Big bang theory. Hinge Inquirer’s Jullia Pecayo, Nimu Muallam,
the author,Mintzy Flor, looking 10 years younger, thanks to our
bangs. Although, for the sake of honesty, they are all probably
10 years younger than me.—PHOTOS BY PATRICK SEGOVIA
Hold that antiaging cream–bangs may be the key to looking young
When George Bernard Shaw said, “Youth is wasted on the young,” what he really meant was bangs. Bangs are wasted on the young.
Before I left on a two-month vacation for the US in the early ’90s, my mom thought it would be nice to send me off with bangs. I returned two months later, double my weight, with a pudgy face and bangs. Great way to start the fourth grade.
For the sake of this article, I called my mom at 11:15 p.m. and said, “Hey mom, why’d you make me get bangs?”
Mom: “What? Why’d you get fat?!”
Me, pinches nose to avoid impending headache: “BANGS. WHY. DID. YOU. MAKE. ME. GET. BANGS.”
Mom, clearly weirded out by my question but game to answer anyway: “Because you have a high forehead!” Her tone seemed to say “duh.”
Kind of cute
The trauma of my weight gain (thanks, American snack industry), coupled with my less-than-flattering bangs, seemed doubly amplified in large part due to a) puberty and b) everyone else.
I couldn’t move an inch (or snarf a donut) without some insensitive twerp mocking my weight.
In retrospect, it seemed clear that I had conflated the two developments. But when I went through photos I had my mom dig up (again, for the sake of this article), it was clear that my bangs were not so terrible. They were, in fact, kind of cute.
When I texted my hairstylist Jing Monis earlier this week, asking if I could rock some bangs, accompanied by a photo of myself with all my baby hair gathered on my apparently high forehead, he replied in the affirmative.
Me, a serial doubter, replied: “Really? Be honest, Jing.”
I booked an appointment the following day so I wouldn’t chicken out and showed up doing deep breathing exercises to counter my bangs anxiety.
In under an hour, I emerged, still alive, with bangs. And seemingly younger.
That’s because two people said so. Online. And if someone says it online, then you know it must be true.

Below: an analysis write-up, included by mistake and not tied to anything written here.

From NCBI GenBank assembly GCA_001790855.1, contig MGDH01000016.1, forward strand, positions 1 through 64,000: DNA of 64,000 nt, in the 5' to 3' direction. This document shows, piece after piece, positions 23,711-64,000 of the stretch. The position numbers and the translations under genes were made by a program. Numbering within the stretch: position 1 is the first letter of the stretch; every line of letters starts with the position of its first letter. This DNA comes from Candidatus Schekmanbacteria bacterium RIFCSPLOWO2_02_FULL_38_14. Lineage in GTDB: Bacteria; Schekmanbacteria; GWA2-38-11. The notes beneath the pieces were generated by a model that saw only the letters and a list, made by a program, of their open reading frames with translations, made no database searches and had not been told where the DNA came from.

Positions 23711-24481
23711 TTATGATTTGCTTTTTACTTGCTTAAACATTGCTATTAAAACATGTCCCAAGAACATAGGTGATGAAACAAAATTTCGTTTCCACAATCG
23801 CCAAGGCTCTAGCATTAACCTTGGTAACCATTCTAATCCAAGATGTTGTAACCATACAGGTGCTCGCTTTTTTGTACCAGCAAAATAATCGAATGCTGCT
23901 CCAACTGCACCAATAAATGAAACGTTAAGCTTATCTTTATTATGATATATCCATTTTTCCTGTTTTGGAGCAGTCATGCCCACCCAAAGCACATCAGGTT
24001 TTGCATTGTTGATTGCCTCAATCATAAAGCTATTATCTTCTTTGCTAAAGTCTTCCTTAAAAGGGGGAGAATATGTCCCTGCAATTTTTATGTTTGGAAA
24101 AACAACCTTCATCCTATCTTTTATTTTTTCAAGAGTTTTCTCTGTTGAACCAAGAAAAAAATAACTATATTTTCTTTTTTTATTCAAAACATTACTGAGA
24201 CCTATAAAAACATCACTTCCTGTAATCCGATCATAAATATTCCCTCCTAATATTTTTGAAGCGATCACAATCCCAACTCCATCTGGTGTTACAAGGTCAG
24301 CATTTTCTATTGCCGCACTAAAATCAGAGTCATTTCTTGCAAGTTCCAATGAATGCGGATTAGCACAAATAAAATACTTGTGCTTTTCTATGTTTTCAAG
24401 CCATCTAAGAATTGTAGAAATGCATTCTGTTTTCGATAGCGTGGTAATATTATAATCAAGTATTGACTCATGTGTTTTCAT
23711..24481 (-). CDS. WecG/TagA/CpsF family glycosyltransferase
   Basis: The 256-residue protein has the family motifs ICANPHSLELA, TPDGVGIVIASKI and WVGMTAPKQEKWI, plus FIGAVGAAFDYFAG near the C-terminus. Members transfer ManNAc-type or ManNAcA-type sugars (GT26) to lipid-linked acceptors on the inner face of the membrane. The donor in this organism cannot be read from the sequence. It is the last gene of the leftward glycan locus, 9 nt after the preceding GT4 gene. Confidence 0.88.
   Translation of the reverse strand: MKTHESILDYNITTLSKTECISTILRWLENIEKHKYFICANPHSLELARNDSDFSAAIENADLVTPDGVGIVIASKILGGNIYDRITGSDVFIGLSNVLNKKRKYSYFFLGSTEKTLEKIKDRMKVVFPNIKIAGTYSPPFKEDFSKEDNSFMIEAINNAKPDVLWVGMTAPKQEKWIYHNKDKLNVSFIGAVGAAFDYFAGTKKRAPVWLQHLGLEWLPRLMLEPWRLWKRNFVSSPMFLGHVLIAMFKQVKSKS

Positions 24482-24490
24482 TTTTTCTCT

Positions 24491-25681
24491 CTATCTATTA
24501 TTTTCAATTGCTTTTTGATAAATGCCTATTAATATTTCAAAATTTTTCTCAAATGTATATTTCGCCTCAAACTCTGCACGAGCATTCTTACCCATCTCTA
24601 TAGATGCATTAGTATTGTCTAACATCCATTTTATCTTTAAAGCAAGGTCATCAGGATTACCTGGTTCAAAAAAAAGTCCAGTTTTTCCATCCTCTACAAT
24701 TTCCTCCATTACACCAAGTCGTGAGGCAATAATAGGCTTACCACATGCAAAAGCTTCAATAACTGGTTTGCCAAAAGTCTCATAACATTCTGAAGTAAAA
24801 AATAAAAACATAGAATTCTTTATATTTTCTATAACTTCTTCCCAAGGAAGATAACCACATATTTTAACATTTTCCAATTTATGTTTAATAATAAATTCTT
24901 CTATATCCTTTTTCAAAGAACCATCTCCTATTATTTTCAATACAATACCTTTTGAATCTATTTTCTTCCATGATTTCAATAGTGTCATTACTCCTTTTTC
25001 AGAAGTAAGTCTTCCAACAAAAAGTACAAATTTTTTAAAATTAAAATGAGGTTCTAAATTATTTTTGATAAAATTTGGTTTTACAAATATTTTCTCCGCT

Many of my Instagram followers (Ok, fine, they were my friends) private messaged me to say they loved my new younger look. But this is just a tiny sampling of my many millions of followers. (Ok, fine, I only have 3K-plus-plus followers. Mourn with me now. Or follow me @bealedesma.)
“Baby feels!” Hindy Weber Tantoco said via Instagram DM.
“What are your thoughts?” I replied. “Do bangs make me look younger or is this haircut so shocking on my non-baby persona that it makes you think I look younger?”
“Yes,” she said. Fist pump! “Younger and more hipster.” Thunked head on table.
Except for the depressing hipster part, looking younger is a byproduct of bangs.
“It reminds me of my 5-year-old self,” said Hinge Inquirer creative director Nimu Muallam. “It reminds me of my childhood.”
And that kind of mental trickery, the way fragrance can trigger a specific memory or feeling, is probably more effective than any eye serum or SPF-laden moisturizer. (Although, don’t take this as a call to arms against moisturizer or SPF. We need both.)
Best antiaging device
Humor-fashion site Manrepeller tackled a similar theme with a story called “The Best Antiaging Product Is Actually for Your Hair,” using Sienna Miller’s Golden Globes coiffure as a prime example of hair as an antiaging device.
“The best antiaging product is not what skincare technicians and experts (and regular dermatologists, too, I guess) have heretofore led us to believe,” wrote founder Leandra Medine. “On the contrary, it’s not even a product that goes on your face. Instead, it’s quite simply a ribbon.”
Miller paired her ab-baring white Michael Kors Collection gown with a high ponytail, tied in a simple black bow.
This trend appeared on the street during fashion week, when some women utilized the Dior or Chanel ribbon from their shopping packages and used it to to cinch their ponytails.
Aside from the adaptive re-use, the style is a throwback to a kind of ’50s sock-hop, peppy nostalgia that’s just a hair shy of camp.
These tricks are often cheaper than most beauty treatments, and employ the most powerful of tools: sentimentality.
In reminiscing our halcyon days, we often gloss over the bad and remember the good. And, in the case of bangs, that’s often the case. As my hairstylist Jing Monis said, “It hides wrinkles, too.”